Investor Essentials Daily

Japan’s economy is showing signs of life

May 6, 2024

Japan’s GDP grew significantly from $91 billion in 1965 to $1.1 trillion by 1980, with its economy focusing on innovation, efficient manufacturing, and exports, particularly in consumer electronics and automobiles. 

Companies like Panasonic (TSE:6752) and Toyota (TM) became global leaders. However, the economic bubble burst in 1989, leading to a severe stock market crash and a prolonged economic stagnation, characterized by the creation of “zombie” companies, slow wage growth, and minimal inflation. 

Recently, there has been a shift, with inflation and wages beginning to rise, prompting the end of negative interest rates and a move toward more normal monetary policies. 

This economic revival is marked by a significant stock market rally, suggesting a potential resurgence of Japan’s economy after three decades of stagnation.

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Japan’s GDP grew from $91 billion in 1965 to $1.1 trillion by 1980…

The nation focused on innovation, efficient manufacturing, and exports.

It became the global hub for industries like consumer electronics and affordable, durable cars. And the world couldn’t get enough of its products. Companies like Panasonic (TSE:6752) and Toyota Motor (TM) grew to be among the biggest in the world in 1989.

It was a great growth story until the Japanese stock market peaked in 1989 and the economic bubble burst. Then, everything took a turn…

The Nikkei 225 Index crashed nearly 60% in a few years. And it barely grew for decades.

Industries like real estate and banking took a beating. Housing prices tanked around the same time the stock market did, and with that, the rest of the economy started struggling.

Over the next decade, a lot of companies couldn’t pay their debts, which ended up hurting banks. However, the nation refused to let companies die. Banks didn’t want to force lenders into bankruptcy… So they papered over the losses and kept them barely alive, creating a fleet of “zombie” companies.

This sucked all the innovation and growth out of Japan’s economy. It ended up in stasis.

Wage growth slowed, and the government practically halted inflation through rate cuts. Until recently, Japan hadn’t raised interest rates since 2007. And since 2016, the country’s interest rate has actually been negative.

Wage growth has been practically nonexistent. And inflation has hovered near zero – it even had a few years of deflation.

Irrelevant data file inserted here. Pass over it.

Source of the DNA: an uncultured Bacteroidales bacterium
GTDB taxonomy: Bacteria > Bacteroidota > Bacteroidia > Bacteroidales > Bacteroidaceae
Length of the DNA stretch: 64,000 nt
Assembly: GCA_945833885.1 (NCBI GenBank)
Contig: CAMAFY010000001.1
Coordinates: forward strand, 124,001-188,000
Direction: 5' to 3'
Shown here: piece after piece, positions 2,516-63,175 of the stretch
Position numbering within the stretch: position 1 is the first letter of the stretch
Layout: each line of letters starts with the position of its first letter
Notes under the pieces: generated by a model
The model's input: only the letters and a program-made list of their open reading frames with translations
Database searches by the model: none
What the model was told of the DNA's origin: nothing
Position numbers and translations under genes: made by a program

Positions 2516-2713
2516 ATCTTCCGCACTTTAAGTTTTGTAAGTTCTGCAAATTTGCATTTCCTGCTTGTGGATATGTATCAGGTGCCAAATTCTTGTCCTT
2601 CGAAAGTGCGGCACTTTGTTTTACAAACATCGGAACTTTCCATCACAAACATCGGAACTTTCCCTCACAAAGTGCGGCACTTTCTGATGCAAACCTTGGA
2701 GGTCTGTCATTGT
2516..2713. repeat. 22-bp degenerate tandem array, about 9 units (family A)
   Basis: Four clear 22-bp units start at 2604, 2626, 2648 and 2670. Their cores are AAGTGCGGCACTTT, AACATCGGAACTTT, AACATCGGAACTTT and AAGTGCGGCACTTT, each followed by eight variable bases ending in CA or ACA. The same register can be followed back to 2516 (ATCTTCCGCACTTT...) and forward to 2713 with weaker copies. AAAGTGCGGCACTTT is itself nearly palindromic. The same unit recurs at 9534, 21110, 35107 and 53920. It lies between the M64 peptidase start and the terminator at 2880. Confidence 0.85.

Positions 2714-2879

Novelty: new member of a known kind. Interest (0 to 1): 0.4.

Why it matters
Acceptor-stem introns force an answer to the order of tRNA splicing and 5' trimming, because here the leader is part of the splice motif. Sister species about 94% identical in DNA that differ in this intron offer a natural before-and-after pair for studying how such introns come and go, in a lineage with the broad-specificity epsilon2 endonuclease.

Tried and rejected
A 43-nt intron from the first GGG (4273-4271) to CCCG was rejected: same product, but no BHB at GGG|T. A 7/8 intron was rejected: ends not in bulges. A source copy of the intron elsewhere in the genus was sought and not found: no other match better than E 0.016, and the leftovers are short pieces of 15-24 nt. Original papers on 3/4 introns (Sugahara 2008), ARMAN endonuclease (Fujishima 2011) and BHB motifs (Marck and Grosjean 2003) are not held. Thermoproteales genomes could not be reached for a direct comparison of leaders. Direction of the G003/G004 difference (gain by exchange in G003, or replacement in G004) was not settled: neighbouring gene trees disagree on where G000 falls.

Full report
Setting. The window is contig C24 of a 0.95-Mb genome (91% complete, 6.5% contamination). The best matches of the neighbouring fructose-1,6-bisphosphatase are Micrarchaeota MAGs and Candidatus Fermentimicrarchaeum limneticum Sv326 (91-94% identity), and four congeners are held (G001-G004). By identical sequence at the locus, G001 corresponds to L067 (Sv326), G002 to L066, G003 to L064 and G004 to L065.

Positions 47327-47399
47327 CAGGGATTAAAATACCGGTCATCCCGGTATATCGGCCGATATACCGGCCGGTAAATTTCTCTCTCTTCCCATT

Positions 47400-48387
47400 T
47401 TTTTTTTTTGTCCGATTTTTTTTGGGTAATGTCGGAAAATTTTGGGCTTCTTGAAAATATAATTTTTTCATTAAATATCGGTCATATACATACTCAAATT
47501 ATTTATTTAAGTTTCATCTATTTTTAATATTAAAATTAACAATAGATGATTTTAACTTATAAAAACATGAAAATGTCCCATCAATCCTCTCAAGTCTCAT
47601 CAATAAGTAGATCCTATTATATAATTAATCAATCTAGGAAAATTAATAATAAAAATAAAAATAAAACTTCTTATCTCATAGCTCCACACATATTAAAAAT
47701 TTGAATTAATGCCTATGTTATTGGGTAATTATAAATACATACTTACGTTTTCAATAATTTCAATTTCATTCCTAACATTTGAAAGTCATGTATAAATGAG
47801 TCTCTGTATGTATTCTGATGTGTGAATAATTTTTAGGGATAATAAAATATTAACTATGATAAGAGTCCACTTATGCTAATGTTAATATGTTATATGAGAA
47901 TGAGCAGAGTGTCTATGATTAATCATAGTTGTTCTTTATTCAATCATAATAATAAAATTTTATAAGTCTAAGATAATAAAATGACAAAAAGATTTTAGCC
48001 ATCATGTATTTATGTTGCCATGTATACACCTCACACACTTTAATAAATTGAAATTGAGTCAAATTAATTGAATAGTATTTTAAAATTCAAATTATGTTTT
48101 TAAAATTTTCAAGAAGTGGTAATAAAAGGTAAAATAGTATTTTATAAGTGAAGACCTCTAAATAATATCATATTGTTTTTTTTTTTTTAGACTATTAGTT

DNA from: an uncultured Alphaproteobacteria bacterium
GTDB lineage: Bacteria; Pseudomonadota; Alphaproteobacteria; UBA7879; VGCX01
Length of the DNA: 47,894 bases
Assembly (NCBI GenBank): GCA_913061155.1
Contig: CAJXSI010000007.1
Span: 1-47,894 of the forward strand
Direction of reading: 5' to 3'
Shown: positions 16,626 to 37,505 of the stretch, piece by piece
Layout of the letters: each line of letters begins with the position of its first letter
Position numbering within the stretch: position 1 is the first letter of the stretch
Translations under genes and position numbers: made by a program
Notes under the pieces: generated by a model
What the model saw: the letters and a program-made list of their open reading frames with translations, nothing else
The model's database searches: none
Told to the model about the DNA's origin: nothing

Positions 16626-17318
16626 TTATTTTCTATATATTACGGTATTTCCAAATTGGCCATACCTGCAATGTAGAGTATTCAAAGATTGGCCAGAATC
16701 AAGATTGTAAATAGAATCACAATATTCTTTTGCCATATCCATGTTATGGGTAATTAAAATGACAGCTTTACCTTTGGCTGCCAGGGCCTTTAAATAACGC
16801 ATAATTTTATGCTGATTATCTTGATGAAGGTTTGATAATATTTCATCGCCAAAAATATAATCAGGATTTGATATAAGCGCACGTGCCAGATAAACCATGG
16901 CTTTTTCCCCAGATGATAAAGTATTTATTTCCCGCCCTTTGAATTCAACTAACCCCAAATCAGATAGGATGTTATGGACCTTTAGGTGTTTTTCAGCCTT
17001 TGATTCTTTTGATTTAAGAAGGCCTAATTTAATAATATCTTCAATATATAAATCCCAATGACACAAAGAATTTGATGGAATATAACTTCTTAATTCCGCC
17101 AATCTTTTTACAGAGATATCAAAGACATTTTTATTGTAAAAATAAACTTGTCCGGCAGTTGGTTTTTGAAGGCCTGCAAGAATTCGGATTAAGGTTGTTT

Recently, though, that has all been changing…

Over the past two years, inflation picked back up in earnest. And it started to inject a bit of life into the economy…

Japan’s inflation was 2.5% in 2022, and it climbed to just over 3% in 2023… its highest since 1991. For most of the past 30 years, inflation (or deflation) was within 1 percentage point of zero.

This pushed wages to pick up this year, with the nation’s biggest companies agreeing to a 5.3% pay hike – once again the largest increase since 1991.

In turn, the Bank of Japan recently decided to end its negative-interest-rate policy. At the end of March, the central bank’s policy makers voted to raise the short-term interest rate range to 0% to 0.1%.

It was the country’s first rate hike in 17 years – and it’s a great show of confidence from policymakers.

It’s a sign that they feel the economy is finally growing stronger… and that the country may be ready for a more “normal” monetary policy that allows for a small amount of inflation, positive interest rates, and regular wage growth.

After a 30-year hiatus, Japan finally looks like it’s worth investing in again…

The Nikkei 225 even reached a new all-time high this past February.

If the nation embraces that a little bit of inflation could actually be a good thing for the economy, this may be the beginning of a comeback for Japan’s stock market.

Japan is still home to powerhouses in the auto, tech, and manufacturing industries – many of which didn’t have to do much innovating over the past several years because of how stagnant the economy was.

That’s about to change. The wheels finally seem to be spinning again… and Japan looks ready to make up for 30 years of treading water.

We expect the Nikkei 225 to show a lot more life for years to come.

Best regards,

Joel Litman & Rob Spivey
Chief Investment Strategist &
Director of Research
at Valens Research

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